What Treatments Are Currently Available for IRDs?

There’s only one FDA-approved gene therapy for inherited retinal disorders: Luxturna, which was approved in 2017. It is specifically for people with IRD who have mutations in the RPE65 gene. This may be seen in two diseases: retinitis pigmentosa and Leber congenital amaurosis (LCA). The treatment delivers a functional copy of the RPE65 gene into the retinal cells of the eye. These cells then produce the normal protein that converts light to an electrical signal in the retina. This helps to slow down the progression of a patient’s disease and vision loss.

Patients with these forms of IRD first find they have trouble seeing at night. They then begin to lose their peripheral, or side, vision, then finally, their central vision. During Luxturna’s clinical trials, researchers had patients go through a mobility maze both before and after treatment. Almost all of them saw significant improvements in their ability to get through the maze, even in a darker environment, which is usually more difficult. There have been some amazing stories of children whose vision has been restored by this procedure.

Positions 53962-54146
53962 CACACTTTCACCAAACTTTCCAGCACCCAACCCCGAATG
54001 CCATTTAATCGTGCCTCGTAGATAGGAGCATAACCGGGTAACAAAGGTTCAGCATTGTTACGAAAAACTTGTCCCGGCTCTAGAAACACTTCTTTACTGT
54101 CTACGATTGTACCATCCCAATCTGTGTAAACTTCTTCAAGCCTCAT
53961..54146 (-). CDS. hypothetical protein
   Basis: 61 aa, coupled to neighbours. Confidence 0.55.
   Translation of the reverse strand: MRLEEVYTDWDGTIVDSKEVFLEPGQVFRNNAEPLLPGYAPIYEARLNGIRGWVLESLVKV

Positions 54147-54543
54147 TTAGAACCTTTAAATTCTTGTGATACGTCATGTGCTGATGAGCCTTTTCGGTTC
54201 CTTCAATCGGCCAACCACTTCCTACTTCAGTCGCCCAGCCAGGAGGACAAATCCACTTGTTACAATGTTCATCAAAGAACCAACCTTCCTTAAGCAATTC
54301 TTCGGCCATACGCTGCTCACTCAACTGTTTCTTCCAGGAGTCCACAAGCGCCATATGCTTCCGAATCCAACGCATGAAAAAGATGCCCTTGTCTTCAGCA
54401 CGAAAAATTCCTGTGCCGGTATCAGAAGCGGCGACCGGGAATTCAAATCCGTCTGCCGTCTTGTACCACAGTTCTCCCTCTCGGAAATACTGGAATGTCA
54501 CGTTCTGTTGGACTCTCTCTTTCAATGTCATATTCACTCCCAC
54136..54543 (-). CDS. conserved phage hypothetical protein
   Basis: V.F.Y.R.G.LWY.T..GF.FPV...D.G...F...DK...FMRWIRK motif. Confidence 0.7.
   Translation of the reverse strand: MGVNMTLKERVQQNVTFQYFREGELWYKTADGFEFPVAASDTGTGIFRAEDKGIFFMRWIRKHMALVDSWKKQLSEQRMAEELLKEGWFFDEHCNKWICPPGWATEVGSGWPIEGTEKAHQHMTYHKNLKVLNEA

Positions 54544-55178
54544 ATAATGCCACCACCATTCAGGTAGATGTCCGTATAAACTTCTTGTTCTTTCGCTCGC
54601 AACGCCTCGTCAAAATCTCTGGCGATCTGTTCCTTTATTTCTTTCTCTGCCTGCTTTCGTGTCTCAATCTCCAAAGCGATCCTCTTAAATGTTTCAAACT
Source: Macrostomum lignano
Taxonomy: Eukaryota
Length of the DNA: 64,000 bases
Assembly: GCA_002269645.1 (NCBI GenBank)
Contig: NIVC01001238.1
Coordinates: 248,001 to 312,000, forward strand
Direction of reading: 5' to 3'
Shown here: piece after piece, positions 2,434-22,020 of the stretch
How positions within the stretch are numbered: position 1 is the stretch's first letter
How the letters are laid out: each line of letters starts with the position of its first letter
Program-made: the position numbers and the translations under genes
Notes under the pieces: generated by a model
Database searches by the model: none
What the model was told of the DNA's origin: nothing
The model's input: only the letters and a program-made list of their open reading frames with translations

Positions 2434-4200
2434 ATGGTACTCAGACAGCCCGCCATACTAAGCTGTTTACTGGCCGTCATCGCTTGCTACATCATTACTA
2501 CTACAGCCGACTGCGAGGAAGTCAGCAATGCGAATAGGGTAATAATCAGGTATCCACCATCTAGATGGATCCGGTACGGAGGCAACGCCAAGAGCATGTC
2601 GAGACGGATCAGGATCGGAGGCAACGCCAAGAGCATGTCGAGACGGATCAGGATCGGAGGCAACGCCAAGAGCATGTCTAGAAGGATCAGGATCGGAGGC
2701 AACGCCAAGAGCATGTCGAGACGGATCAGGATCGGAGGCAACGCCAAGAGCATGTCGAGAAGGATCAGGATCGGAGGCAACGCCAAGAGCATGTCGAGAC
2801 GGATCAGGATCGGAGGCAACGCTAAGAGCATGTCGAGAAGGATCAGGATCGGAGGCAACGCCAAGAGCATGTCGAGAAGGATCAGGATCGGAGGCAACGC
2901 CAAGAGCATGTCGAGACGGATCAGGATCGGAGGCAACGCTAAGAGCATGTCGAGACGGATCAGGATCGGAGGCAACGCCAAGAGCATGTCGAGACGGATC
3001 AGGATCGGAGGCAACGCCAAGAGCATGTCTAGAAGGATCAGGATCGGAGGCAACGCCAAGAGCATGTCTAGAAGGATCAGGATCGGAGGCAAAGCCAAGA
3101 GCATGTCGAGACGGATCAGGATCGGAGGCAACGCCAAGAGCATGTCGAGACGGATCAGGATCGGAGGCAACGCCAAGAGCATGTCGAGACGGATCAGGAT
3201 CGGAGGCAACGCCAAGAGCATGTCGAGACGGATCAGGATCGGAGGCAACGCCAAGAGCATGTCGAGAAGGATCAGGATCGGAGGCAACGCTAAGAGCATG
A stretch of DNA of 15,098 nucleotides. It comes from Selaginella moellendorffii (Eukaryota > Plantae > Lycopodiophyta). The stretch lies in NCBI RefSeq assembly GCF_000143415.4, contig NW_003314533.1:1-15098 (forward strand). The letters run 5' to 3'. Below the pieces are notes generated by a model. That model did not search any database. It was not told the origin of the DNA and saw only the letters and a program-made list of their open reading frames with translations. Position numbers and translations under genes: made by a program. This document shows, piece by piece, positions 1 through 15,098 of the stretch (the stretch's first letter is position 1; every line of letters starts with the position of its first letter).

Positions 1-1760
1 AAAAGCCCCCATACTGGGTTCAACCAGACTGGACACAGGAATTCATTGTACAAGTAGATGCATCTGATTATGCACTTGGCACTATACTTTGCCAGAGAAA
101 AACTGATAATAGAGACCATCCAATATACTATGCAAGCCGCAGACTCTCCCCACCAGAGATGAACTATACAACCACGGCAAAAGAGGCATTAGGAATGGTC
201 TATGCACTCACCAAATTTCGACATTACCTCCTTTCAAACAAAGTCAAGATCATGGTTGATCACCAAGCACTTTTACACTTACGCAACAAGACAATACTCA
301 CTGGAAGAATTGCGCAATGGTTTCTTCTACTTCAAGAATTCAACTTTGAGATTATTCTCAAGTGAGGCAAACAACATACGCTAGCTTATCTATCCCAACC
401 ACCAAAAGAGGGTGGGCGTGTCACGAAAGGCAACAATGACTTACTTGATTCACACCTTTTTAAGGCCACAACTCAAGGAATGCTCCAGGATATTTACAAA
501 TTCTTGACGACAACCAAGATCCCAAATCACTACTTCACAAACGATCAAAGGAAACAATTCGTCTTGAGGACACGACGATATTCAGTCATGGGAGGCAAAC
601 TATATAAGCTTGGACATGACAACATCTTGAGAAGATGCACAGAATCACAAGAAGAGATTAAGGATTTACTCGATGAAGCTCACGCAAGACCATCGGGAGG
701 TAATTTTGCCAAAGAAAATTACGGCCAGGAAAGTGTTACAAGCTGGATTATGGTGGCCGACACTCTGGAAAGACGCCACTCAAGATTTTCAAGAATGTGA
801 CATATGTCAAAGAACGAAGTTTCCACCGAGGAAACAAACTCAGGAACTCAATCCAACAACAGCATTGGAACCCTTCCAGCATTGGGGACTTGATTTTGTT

There are many other clinical trials going on at medical centers across the country. Here at the Cleveland Clinic, we are enrolling patients with a type of retinitis pigmentosa known as X-linked retinitis pigmentosa. Since this is an X-linked disorder, it mainly affects males, as they have a single copy of the X chromosome that carries the mutation. (In women, the effect of the mutation is masked by the second healthy copy of the X chromosome. But they can still be carriers of the disease and sometimes do have visual changes.) We will use gene therapy to target one eye of eligible patients to try to prevent the disease from progressing to more severe stages.

There are also other gene therapy clinical trials going on for other IRDs, such as choroideremia and achromatopsia. It shows promise to halt progression of vision loss, and sometimes even improve vision too.